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[8 min read] Detecting melanoma in high-risk patients | Prof David Wilkinson

This month I draw your attention to what I believe is a profoundly important piece of research. The research – done in Australia – demonstrates the value of using a mixture of total body photography (TBP) and selected sequential digital dermoscopy (SDDI) among high risk patients, in terms of identifying melanoma.

The authors state the following in the Abstract Results:

The risk of developing a new melanoma was 9.0% annually in the first 2 years and increased with time, particularly for those with multiple primary melanomas. The thicker melanomas (>1-mm Breslow thickness; 7 of 171 melanomas [4.1%]) were mostly desmoplastic or nodular (4 of 7), self-detected (2 of 7), or clinician detected without the aid of TBP (3 of 7).

Overall, new melanomas were most likely to be detected by a clinician with the aid of TBP (54 of 171 [31.6%]) followed by digital dermoscopy monitoring (50 of 171 [29.2%]).

Importantly, this work included a primary care clinic in Newcastle, NSW.

The implications are significant – implying that standard of care now for patients at high risk of melanoma includes TBP and SDDI.

The paper is linked here and there is very interesting podcast with the lead author available here, showcasing the research.

Prof David Wilkinson

Skin Cancer Certificate Courses in Australia

Read more from Professor David Wilkinson on recent research:

6 comments on “[8 min read] Detecting melanoma in high-risk patients | Prof David Wilkinson

  1. Thanks for posting this paper and the podcast link.

    I think there is still more work to be done before TBP and SDDI can be considered standard of care in high-risk patients.

    In this paper, melanoma detection has been coded as “with the aid of TBP” when the clinician detected the melanoma on clinical examination as well as with TBP which was referred to AFTER the clinical examination in which the lesion had already been detected. This doesn’t mean that lesion would have been missed if the clinician wasn’t using TBP. Therefore the conclusion in the abstract of 31.6% of lesions detected by a clinician “with the aid of TBP” is very misleading. This doesn’t mean those lesions were not detected without TBP. Similarly, the study doesn’t say if change on SDDI was the only reason the lesion was excised and therefore it may have been excised regardless of comparison to earlier photos. Only 11 of the 171 melanomas were detected “exclusively by TBP” and none of the 7 melanomas over 1mm thick were detected exclusively by TBP. This means it is likely that all the thick melanomas and 160 melanomas in total would have been detected without TBP or SDDI.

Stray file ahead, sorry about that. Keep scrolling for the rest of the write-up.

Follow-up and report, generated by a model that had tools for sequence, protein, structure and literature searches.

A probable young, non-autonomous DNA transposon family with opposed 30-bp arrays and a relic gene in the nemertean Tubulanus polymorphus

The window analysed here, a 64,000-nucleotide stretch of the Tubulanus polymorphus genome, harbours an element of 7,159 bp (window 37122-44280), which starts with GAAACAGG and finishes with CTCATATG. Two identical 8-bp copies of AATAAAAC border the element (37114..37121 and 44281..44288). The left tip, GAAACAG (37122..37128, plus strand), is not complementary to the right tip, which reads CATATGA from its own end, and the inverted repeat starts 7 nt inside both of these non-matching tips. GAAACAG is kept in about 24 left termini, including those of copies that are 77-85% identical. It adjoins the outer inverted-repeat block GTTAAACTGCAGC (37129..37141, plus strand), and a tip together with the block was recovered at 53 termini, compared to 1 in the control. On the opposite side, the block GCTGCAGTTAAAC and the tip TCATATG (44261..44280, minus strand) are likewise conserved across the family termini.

Also, the ratio of MIS : invasive melanoma is too low in this study when compared to other published rates. This study has a rate of 2.2:1 which is lower than published rates of around 3-4:1. SCARD pooled data is 3.01:1. This may mean that MIS is being missed or monitored by this approach of SDDI. Therefore, the total number of melanomas detected in this study may well have been higher WITHOUT SDDI as some of these lesions would have been excised and diagnosed as early melanomas.

    A loss to follow up of 14.4% in this study also highlights the risk of SDDI in patients as they often don’t come back and sometimes immediate biopsy is a safer approach.

    Also, the “high-risk” population in this study is extremely high-risk. They are not just patients with a history of melanoma. The inclusion criteria was